SPOTLIGHT ON: Amy Stevens, Junior Board Co-President
November 24, 2020
Many individuals can say they’ve been involved with the BCRFA for years. But few can say they’ve been there since the very beginning. One of those few is Amy O’Neal Stevens.
Daughter of BCRFA co-founder Dolly O’Neal, Amy has been closely invested in the BCRFA’s fundraising activities since she was nine years old, volunteering at the very first Drive-Out Breast Cancer Golf Tournament. Now, she volunteers as co-president of the BCRFA junior board.
Today, we’re sharing Amy’s stories from the early days of the BCRFA, her views on building community and her hope for more young people to get involved in the fight against breast cancer.
Thanks for joining us today, Amy. So, how long have you been involved with the BCRFA?
Since the very beginning. When I reflect back on when my mom and Bruce started the BCRFA, the organization and I basically grew up together. I was nine years old at the first golf tournament 25 years ago, I was running around helping my mom and driving a golf cart.
It’s been amazing to see how far the BCRFA has come. I had a full circle moment when we held the first annual Pink Up the Pace. I got a little emotional because now I’m the one rushing around, with my kids. As I was picking up signs and running other errands for the event, I looked in the backseat at my kids and it hit me, “That was me with my mom 20 years ago!”
Tell us about how breast cancer has touched your life.
My mom was first diagnosed when I was in the third grade. Back then, hardly anyone talked about cancer. It was almost a forbidden word you shouldn’t bring up in conversation. It was a scary thing with a lot of question marks around it. I think that was another contributing factor to my mom starting the BCRFA. She knew there were so many people affected by the disease who weren’t talking about it and I can imagine that would be a lonely and hard place. Her strength was bringing people together and she provided not only a foundation that is funding life saving breast cancer research, but also a community for cancer fighters, survivors and their families to come together and fight this awful disease. It gave power and hope to all those affected by breast cancer.
Luckily, the year she was diagnosed she went into remission pretty quickly. I don’t think I understood at the time how lucky we were.
From there, of course, she started the BCRFA. When she’d speak at events, she would say, “There is a cure out there. We just have to raise the money for the research. It’s not incurable.” And to me, that research is the big difference between our organization and other nonprofits. Sometimes, with other nonprofits you think, “Where exactly is my money going?” but with BCRFA, you know.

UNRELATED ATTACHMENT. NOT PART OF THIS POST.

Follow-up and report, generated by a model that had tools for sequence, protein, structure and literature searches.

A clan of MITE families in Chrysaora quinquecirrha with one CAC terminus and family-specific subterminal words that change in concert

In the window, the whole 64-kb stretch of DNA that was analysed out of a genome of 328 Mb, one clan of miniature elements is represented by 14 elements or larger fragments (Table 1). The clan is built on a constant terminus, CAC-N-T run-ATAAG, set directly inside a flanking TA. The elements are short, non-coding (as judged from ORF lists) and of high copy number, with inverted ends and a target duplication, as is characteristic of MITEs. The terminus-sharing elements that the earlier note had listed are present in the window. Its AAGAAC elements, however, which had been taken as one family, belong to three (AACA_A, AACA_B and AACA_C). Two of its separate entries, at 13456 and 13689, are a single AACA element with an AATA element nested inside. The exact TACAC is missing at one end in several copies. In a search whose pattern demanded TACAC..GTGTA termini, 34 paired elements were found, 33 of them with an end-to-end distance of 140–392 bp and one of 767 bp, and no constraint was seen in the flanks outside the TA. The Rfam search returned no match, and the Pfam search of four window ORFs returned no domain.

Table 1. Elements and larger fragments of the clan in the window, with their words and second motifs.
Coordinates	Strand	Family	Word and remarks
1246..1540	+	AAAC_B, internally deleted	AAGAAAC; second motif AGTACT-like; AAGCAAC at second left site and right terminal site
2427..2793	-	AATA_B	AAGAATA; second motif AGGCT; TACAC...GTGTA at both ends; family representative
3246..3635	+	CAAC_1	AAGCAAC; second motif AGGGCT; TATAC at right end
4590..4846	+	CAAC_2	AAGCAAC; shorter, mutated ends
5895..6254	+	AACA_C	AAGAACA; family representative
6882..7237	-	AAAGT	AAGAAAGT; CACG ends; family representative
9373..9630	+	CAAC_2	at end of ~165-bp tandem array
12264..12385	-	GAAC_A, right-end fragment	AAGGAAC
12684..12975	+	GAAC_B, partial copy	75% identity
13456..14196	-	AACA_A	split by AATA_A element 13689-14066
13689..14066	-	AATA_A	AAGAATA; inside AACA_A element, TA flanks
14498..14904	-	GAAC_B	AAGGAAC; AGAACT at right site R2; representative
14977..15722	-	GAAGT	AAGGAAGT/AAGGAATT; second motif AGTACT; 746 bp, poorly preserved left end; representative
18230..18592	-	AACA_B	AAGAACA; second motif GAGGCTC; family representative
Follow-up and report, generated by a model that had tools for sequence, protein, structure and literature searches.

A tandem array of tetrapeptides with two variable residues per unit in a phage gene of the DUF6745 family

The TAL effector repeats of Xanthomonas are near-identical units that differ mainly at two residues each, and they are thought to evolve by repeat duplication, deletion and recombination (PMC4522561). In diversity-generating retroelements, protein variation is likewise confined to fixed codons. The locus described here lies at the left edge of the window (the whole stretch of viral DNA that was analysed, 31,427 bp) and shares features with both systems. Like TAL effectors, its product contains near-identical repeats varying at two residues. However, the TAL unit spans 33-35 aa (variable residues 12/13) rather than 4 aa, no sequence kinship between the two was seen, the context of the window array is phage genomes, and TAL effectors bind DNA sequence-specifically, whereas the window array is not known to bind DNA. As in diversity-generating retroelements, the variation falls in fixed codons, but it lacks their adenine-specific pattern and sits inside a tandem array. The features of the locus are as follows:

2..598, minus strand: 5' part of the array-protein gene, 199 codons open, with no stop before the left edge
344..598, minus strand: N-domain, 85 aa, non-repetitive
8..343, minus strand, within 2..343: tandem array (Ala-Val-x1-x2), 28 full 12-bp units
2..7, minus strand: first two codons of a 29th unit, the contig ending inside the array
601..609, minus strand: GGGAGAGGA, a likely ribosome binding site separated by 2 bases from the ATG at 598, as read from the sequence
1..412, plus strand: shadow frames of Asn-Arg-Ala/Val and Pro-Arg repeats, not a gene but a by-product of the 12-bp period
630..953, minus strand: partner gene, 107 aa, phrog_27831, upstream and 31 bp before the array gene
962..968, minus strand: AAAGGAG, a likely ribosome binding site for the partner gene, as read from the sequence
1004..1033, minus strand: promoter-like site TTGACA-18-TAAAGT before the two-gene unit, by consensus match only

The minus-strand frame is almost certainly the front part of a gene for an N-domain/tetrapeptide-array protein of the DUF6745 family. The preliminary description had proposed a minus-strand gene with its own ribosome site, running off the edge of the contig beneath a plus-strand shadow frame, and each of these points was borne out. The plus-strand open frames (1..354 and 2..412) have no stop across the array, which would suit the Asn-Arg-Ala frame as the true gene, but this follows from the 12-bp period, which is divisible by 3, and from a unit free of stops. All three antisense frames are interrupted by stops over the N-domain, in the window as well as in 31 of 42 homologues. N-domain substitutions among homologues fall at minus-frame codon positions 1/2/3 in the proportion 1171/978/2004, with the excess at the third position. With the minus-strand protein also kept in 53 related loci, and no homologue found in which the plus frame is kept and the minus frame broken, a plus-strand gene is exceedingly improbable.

My mom did have a recurrence of her cancer when I was 21. She was given a trial drug (partly funded by the BCRFA) that put her in remission within three months. It was truly amazing. She lived 6 full years (all 3 of her kids got married and had children) before her next reoccurence. Unfortunately the cancer had spread. Her story is the poster story for what breast cancer research can do. Her life was extended because of research, and while we are forever grateful for that, we still have work to do.
As I’ve gotten older, people my age are now being diagnosed – around the same age as my mom when she was first diagnosed – and the difference is incredible. NFL teams are wearing pink on Sundays and elementary schools are hosting fundraising events in October. I can only imagine that makes anyone affected by breast cancer feel that they are not alone in the fight. People are aware now and have an understanding. I truly believe there will be a day – if not in my life, then my kids’ – that cancer will no longer be a major public health concern.
How would you describe the impact of the junior board?
Of course, our biggest goal is to raise money for research. That’s always our intention and always our mission.
But what’s really caught me off-guard is the amount of young women – some with very small children – that are getting breast cancer. For those women, the BCRFA junior board has given them community. They’re not alone. There are people in this with them. We’re all trying to fight this disease.
Like I said, our number one goal is research, but at the same time, I feel it’s been a great resource for younger people who have been diagnosed or impacted to build community and have people to reach out to. That’s something I wish had been available when I was younger. We had such little understanding of what it meant for someone close to us to have cancer. Being visible gives hope and reassurance.
What’s your favorite memory from working with the BCRFA Junior Board?
At the first Pink Up the Pace, there were only about six of us. And we were so worn out because we had worked so hard all week – but when people started arriving, we all looked at each other almost in disbelief. It was so encouraging to see the amount of families coming out and showing their support. It was a beautiful day.
We ended up having over 200 people attend, which was a huge success. It was a lot of work, but it went smoothly – for the most part! And, like I mentioned, it felt very full-circle from when I was volunteering at the first-ever BCRFA event as a child.
What would you say to encourage a new potential member to get involved with the Junior Board?
There are so many junior boards in Birmingham – and they’re great – but they’re well-oiled machines. At the BCRFA, we’re building from the ground up. When you join us, you’re getting your hands dirty and realizing the potential we have.
We encourage our members to bring all their ideas, because we’re actively figuring things out and deciding our next step.
When you’re on our board, your voice is heard. You’re making a real difference. And you see the amazing impact that your work has.